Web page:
Emmanuel, Marquis de Grouchy, Marshal (1815)
(Born Paris, 1766 - Died Saint-Etienne, 1847)
The last one to be promoted to marshal in 1815 one of the most brilliant cavalrymen of the Empire. Forever faithful to Napoleon. Some deem him responsible for the defeat of Waterloo. Yet Grouchy was where he was expected to be.
Born of an old noble family of Normandy, Grouchy is an officer of the Bodyguards when the Revolution breaks out. He takes up the new ideas, mixes with brilliant people such as Beaumarchais, D'Alembert, Turgot, Condorcet and Cabanis the last two will also become his brothers-in-law and remains in the army.
In 1792, he is promoted to brigadier in command of the cavalry of the Alps. He is sent to Vendée. He must leave the army in 1793, following the decree excluding nobles from the army. He re-enlists as a private in the National Guard. On June 11, 1795 he is confirmed major general, rank conferred on him by the army commissioners the year before. He is chief of staff of the army of the West, and seconds Hoche in Vendée.
In late 1796, the Directory promotes him to second-in-command of the army in charge of a landing in Ireland. But he does not succeed in gaining a foothold in the country. In 1798, he joins the Army of Italy, under Joubert's command. He distinguishes himself at the battle of Novi (August 15, 1799) where, wounded fourteen times, he is finally made prisoner.
Back in France, he is put in the reserve army. Moreau requests that Grouchy be posted to his army. At the head of one of Moreau's divisions, he plays a decisive role at Hohenlinden (December 3, 1800).
General in command of a cavalry division, he takes part in the 1806 Prussian campaign : he is the first to enter Lübeck. At Eylau, on February 8, 1807, his cavalry charge is absolutely heroic. Four months later at Friedland (June 14, 1807), he again accomplishes great feats. He is sent to Spain, appointed Governor of Madrid, and takes part in the repression of May 2, 1808. In command of the cavalry of the Army of Italy, he takes part in the battle of Raab (June 14, 1809), under Prince Eugene de Beauharnais' command. At Wagram, his division of dragoons plays a decisive role.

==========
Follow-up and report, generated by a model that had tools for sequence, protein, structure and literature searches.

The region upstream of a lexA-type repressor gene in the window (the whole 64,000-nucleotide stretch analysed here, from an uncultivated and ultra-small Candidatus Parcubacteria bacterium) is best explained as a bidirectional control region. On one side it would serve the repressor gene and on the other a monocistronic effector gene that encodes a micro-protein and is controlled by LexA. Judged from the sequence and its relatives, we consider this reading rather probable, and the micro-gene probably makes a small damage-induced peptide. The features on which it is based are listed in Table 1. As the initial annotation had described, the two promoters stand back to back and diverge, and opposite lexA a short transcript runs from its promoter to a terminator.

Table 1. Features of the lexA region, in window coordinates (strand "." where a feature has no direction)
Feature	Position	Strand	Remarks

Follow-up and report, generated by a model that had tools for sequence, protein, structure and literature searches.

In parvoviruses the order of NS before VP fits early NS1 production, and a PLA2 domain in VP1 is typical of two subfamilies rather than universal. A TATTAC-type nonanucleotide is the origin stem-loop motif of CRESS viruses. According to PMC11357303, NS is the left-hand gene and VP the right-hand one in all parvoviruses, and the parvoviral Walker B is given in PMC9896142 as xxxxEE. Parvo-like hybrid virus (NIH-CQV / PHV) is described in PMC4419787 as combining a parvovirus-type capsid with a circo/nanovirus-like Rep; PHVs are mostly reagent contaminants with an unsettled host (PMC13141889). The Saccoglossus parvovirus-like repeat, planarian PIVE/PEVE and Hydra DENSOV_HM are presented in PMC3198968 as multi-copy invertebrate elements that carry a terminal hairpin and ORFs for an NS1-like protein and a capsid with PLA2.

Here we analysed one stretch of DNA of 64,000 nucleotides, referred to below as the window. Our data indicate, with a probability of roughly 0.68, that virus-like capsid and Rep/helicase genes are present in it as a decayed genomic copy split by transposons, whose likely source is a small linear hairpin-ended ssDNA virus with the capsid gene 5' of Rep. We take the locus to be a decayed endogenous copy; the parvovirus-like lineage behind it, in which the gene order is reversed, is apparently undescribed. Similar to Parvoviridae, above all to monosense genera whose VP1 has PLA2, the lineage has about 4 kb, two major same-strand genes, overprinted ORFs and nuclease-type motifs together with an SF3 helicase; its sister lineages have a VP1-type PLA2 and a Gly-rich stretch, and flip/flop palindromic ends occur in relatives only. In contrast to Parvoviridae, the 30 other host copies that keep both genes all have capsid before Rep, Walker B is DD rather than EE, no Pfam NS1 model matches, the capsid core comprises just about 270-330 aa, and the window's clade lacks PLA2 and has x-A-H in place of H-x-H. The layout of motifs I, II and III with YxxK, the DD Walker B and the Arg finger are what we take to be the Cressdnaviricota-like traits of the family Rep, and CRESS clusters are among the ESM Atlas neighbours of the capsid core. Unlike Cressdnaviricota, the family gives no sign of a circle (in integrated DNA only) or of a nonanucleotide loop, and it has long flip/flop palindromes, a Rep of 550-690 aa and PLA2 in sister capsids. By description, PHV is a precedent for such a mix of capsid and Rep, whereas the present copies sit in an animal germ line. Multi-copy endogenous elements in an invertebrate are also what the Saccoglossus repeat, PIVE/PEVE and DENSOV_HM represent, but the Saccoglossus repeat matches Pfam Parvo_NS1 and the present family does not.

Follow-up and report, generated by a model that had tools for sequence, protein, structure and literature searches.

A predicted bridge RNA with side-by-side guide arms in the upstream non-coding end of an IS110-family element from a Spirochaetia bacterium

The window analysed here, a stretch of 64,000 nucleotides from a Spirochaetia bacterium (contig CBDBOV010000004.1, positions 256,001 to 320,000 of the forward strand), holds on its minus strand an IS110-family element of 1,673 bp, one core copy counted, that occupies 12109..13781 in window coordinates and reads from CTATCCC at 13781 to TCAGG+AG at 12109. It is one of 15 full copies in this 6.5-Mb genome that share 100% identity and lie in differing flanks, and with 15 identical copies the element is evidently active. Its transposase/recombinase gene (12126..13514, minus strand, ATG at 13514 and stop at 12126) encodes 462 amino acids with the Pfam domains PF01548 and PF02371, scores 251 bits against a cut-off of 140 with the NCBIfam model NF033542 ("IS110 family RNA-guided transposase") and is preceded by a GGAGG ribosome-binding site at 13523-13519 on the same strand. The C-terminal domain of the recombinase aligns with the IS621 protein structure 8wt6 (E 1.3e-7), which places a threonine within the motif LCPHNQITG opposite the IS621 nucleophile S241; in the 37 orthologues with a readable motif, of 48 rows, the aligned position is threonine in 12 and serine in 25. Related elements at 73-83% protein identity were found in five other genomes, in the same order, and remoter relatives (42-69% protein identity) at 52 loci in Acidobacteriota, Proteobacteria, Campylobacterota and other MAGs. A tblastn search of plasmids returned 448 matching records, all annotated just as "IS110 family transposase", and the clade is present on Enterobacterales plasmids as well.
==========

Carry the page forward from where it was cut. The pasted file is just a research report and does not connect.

At Borodino in 1812, his command of the 3rd cavalry corps is superb. He is in charge of covering the Grande Armée's retreat. When, at the end of the campaign, he asks to be posted to the infantry, Napoleon refuses, wishing to keep such a brilliant cavalryman. But Grouchy retires with hurt feelings. Nevertheless, he remains faithful and offers his services for the 1814 French campaign. He is put in command of the cavalry forces and distinguishes himself at Vauchamps. Napoleon promotes him to marshal, but he will only get his commission during the Hundred Days.
At Ligny (June 16, 1815) Grouchy is in command of the French cavalry. On June 17, Napoleon gives him the order to pursue Blücher at the head of two infantry corps and two cavalry corps, to prevent the junction with Wellington. The Prussian conceals his troops' movements by leaving a curtain rearguard. On June 18, Grouchy, on the road to Wavre, hears the noise of the cannon of the Mont-Saint-Jean (Waterloo) battle. He does not turn back. He has received no orders to that effect.
During the second Restoration, Grouchy takes refuge in America. He comes back to France in 1821, when Louis XVIII re-instates him, and gives him back his titles, except that of marshal. During the July Monarchy, Louis-Philippe gives him this title back and names him Peer of France. Grouchy dies in 1847.
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